The Audio Visual Media Services Regulations 2020 were enacted on 30 September 2020. These Regulations implement the AVMS Directive into English law by amending various pieces of existing legislation, such as the Communications Act 2003 and Broadcasting Act 1990.
The Audio Visual Media Services Regulations 2020 implement the AVMS Directive into English law. Most of the provisions contained in the new Regulations came into force on 1 November 2020, although some will not apply until 1 April 2021. The UK's regulator, Ofcom, has published a guide to the new regulatory requirements for VSPs. From 6 April 2021, VSP providers will be required to notify Ofcom that they fall within scope of the regulation. Ofcom intends to publish further guidance on the scope and jurisdiction later this year, and Guidance on the risk of harms and appropriate measures will be consulted on in early 2021 and published in summer 2021.
The UK left the EU on 31 December 2020 and the Broadcasting (Amendment) (EU Exit) Regulations 2019 (Broadcasting Amendment Regulations) came into force on Exit Day. As a result, the UK is no longer a party to the AVMS Directive and is classed as a ‘third country’ under the terms of the Directive. Subject to some important exceptions, the UK has now moved to a country of destination system, requiring television services available in the UK to be licensed and regulated by Ofcom.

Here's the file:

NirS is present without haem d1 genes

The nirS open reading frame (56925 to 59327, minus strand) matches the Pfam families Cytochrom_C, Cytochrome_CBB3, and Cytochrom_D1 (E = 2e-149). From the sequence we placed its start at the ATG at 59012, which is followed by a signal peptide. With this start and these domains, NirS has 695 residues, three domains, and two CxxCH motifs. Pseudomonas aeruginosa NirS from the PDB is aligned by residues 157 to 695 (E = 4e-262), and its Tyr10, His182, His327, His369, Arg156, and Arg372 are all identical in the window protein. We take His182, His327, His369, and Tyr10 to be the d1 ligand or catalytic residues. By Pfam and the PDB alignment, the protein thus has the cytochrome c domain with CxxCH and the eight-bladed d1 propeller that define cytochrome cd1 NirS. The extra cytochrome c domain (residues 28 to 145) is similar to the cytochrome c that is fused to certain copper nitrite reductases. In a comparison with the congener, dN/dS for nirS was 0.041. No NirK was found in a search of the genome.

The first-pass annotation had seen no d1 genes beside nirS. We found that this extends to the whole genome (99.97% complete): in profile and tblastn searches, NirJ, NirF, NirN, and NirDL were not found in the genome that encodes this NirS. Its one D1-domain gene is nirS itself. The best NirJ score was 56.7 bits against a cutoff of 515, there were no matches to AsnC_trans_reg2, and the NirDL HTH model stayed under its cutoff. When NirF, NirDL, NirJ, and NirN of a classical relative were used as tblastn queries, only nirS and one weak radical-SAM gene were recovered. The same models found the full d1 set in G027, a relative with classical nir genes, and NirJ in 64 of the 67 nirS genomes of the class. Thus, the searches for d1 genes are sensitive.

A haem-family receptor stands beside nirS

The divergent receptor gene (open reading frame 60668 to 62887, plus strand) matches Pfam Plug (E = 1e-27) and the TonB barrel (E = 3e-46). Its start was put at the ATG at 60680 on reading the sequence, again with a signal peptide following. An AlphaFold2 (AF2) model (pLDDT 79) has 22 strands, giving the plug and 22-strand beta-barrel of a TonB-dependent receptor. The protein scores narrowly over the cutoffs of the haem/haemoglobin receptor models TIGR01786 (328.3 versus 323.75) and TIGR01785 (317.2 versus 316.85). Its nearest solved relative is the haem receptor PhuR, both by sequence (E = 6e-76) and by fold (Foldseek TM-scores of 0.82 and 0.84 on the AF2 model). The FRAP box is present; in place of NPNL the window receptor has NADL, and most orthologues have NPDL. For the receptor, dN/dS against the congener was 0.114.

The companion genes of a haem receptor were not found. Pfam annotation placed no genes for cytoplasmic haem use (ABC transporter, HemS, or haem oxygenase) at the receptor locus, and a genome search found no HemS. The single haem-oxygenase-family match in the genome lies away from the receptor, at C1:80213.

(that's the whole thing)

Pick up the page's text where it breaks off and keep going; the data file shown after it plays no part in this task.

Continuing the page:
The UK remains a party to the Council of Europe's European Convention of Transfrontier Television (ECTT). The ECTT ensures freedom of reception of linear cable and satellite broadcasts between the UK and other ECTT countries (which includes 20 EU member states), in effect retaining the country-of-origin principle in relation to ECTT countries. It should be noted that the ECTT does not apply to video-on-demand services nor does it apply (according to Ofcom's interpretation) to online-only services. From Exit Day, there is a six month grace period during which broadcasters that are established in an EEA country that is not party to the ECTT can continue broadcasting in the UK without an Ofcom licence, in order to allow them time to obtain the required licence(s).
UK productions will continue to count as European Works for the purpose of the AVMS Directive's European Works quotas (because the UK is a party to the ECTT), but the AVMS Directive's reporting obligations regarding compliance with the European Works quota do not apply to broadcasters established in the UK.
Over time we may see UK law diverging from the AVMS Directive. The UK Government has already announced that it intends its Online Harms regime to replace parts of the framework created by the new Audiovisual Media Services Regulations 2020.